[an error occurred while processing this directive]
BBC News
watch One-Minute World News
Last Updated: Thursday, 10 November 2005, 08:51 GMT
Fury at Kenya wild game shipment
Wildebeest in east Africa
No endangered species would be shipped, Kenyan authorities said
Conservationists are furious that Kenya has signed a deal with Thailand to hand over some 175 animals from game parks.

Kenyan authorities stressed none of the animals, including zebra, hippos and giraffe, would be endangered species.

But animal rights groups fear for the welfare of the animals during the 7,200km (4,470-mile) journey.

Thailand has agreed to provide wildlife management training and technical support. The Kenyan press is calling the deal the "animals-for-aid" scandal.

The International Animal Fund for Animal Welfare says selling off "Kenya's national heritage" was setting a dangerous precedent.

'Stress and injury'

Kenyan government spokesman Alfred Mutua told Reuters news agency that they were animals that the country had in abundance.

He said no rhinos or any animals protected under the Convention on International Trade in Endangered Species (Cites) would be sent to Thailand.

He gave no date for the shipment's departure, but said the number of animals had been reduced from the 300 initially planned.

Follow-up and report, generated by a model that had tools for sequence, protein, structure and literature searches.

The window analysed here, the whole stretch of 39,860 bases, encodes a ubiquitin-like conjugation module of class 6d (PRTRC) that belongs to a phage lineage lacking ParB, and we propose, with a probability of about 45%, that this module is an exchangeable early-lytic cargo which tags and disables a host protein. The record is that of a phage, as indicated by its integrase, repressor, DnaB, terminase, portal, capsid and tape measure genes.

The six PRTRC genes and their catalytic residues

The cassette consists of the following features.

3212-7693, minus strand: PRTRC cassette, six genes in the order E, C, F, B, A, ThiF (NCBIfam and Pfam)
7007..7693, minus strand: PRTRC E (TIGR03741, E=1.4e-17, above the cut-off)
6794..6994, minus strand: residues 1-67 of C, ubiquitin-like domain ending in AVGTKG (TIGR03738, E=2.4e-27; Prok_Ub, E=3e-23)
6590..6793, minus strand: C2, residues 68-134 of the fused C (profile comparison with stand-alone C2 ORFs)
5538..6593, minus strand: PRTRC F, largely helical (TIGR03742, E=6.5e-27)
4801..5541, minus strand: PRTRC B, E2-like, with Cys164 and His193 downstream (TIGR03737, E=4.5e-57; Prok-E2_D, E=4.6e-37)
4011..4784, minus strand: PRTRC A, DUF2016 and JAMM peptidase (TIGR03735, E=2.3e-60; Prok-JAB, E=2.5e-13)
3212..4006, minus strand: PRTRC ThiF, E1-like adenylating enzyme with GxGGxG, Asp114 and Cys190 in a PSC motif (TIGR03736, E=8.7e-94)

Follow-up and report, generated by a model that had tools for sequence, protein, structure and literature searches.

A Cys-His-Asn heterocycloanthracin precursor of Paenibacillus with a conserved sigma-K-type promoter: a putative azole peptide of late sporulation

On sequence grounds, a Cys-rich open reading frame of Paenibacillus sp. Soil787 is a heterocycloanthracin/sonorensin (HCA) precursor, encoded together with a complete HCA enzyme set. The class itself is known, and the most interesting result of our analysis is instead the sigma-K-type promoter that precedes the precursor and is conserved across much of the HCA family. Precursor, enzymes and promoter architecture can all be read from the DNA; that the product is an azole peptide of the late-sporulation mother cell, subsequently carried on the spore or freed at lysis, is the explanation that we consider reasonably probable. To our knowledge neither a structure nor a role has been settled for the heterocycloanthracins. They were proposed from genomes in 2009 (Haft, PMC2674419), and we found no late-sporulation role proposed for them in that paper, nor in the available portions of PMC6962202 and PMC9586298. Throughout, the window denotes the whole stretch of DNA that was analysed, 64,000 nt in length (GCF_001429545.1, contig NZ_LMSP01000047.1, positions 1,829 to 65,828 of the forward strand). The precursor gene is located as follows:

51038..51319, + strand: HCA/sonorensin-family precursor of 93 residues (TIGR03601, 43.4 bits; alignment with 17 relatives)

The animals will be sent to a zoo in the home town of Thai Prime Minister Thaksin Shinawatra, which is scheduled to open in April.

The deal was announced during Mr Shinawatra's official visit to the east African state, the first ever by a Thai prime minister.

Animal rights groups fear that the deal - reported to be worth $500,000 will put the wild animals' lives at risk and may threaten Kenya's tourist trade.

"We are concerned about the welfare of the animals, and the stress and risk of injury and death in their capture and transportation," Alice Owen of the London-based Born Free Foundation told Reuters news agency.

Tracking the maneless lions of Tsavo
19 Sep 05 |  Science/Nature

The BBC is not responsible for the content of external internet sites


Americas Africa Europe Middle East South Asia Asia Pacific